and an appreciation for the importance of placing qualified leaders in
strategic locations. He has done it all.
Through well-placed leaders like Frost, the SFC initiative and NAMBs
training materials called Next Level Leadership, NAMB can assist churches and
associations in finding and developing leaders who will take the helm.
They may be ministers, pastors and laypeople at the local church level or
missionaries and people in associations and state conventions throughout North
America. NAMB assists in developing
leaders among all age, socio-economic and ethnic groups by providing
resources and training materials for state- and association-led programs.
Everything we do is through partnerships with our state conventions, says
Chuck Allen, NAMBs chief operating officer. One of the obstacles organizations
have is always assuming that equipping leaders means just holding some workshop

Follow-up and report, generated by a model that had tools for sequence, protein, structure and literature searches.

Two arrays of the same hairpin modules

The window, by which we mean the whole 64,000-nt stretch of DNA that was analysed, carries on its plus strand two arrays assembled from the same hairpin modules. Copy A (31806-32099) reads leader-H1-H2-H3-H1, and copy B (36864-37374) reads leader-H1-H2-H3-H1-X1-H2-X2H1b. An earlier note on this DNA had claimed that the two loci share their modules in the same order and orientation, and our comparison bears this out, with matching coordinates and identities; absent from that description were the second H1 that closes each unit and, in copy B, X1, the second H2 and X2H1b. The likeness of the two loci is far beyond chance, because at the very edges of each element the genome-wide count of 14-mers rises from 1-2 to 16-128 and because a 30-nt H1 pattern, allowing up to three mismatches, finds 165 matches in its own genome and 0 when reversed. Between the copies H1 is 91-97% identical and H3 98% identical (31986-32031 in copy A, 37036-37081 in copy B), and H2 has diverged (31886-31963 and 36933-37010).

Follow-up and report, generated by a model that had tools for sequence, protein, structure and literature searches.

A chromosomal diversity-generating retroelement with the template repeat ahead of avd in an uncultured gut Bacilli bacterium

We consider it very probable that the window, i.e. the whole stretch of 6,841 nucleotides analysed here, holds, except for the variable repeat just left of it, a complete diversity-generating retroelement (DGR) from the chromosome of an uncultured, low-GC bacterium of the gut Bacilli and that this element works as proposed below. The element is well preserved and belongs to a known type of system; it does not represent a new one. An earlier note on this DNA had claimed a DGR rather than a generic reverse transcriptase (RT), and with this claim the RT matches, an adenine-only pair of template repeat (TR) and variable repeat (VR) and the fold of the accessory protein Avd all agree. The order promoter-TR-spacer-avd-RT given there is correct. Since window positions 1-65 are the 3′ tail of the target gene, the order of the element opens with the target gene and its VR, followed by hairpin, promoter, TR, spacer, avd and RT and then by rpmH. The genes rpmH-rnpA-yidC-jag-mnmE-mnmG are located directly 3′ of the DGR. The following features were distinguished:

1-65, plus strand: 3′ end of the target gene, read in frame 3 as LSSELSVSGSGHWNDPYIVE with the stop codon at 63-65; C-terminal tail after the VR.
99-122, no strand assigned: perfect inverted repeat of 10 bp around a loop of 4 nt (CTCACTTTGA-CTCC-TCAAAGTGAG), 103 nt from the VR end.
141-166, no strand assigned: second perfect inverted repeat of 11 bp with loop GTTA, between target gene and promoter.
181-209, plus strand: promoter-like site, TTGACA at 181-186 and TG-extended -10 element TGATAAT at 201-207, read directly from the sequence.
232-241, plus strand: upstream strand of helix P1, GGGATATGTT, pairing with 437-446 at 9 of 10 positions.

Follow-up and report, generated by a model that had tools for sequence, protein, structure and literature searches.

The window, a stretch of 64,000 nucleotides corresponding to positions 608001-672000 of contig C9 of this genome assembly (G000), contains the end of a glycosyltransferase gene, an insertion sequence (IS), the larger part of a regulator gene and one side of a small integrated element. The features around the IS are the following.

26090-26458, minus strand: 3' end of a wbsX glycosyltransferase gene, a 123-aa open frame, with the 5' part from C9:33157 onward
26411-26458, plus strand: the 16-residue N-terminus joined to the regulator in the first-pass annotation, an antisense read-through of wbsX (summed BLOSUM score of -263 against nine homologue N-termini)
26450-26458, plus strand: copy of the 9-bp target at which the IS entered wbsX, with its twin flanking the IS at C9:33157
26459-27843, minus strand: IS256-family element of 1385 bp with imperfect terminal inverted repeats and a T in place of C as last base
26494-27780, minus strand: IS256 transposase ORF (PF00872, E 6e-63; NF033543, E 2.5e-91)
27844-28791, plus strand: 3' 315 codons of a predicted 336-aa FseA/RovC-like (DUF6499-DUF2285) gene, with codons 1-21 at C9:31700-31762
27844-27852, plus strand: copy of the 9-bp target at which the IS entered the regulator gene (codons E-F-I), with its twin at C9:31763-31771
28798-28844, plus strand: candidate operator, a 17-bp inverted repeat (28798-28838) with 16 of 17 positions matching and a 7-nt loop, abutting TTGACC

out there. Equipping leaders is at the root of our existence as a convention.
We have to have a solid theology of leadership so that at our core we are
You dont develop leaders corporately. You develop them one person at a time.
This is why developing leaders is done most effectively through mentorship at
the state, associational and church levels.
Without vision the people perish, and without leadership theres no vision.
And without a large number of believers accepting the leadership roles to which
God has called them, theres no one to carry out the vision God has given the
Church. Leadership is foundational. Without Christ there is no church. Without
the leadership of Peter, there is no foundation. Without Pauls vision, the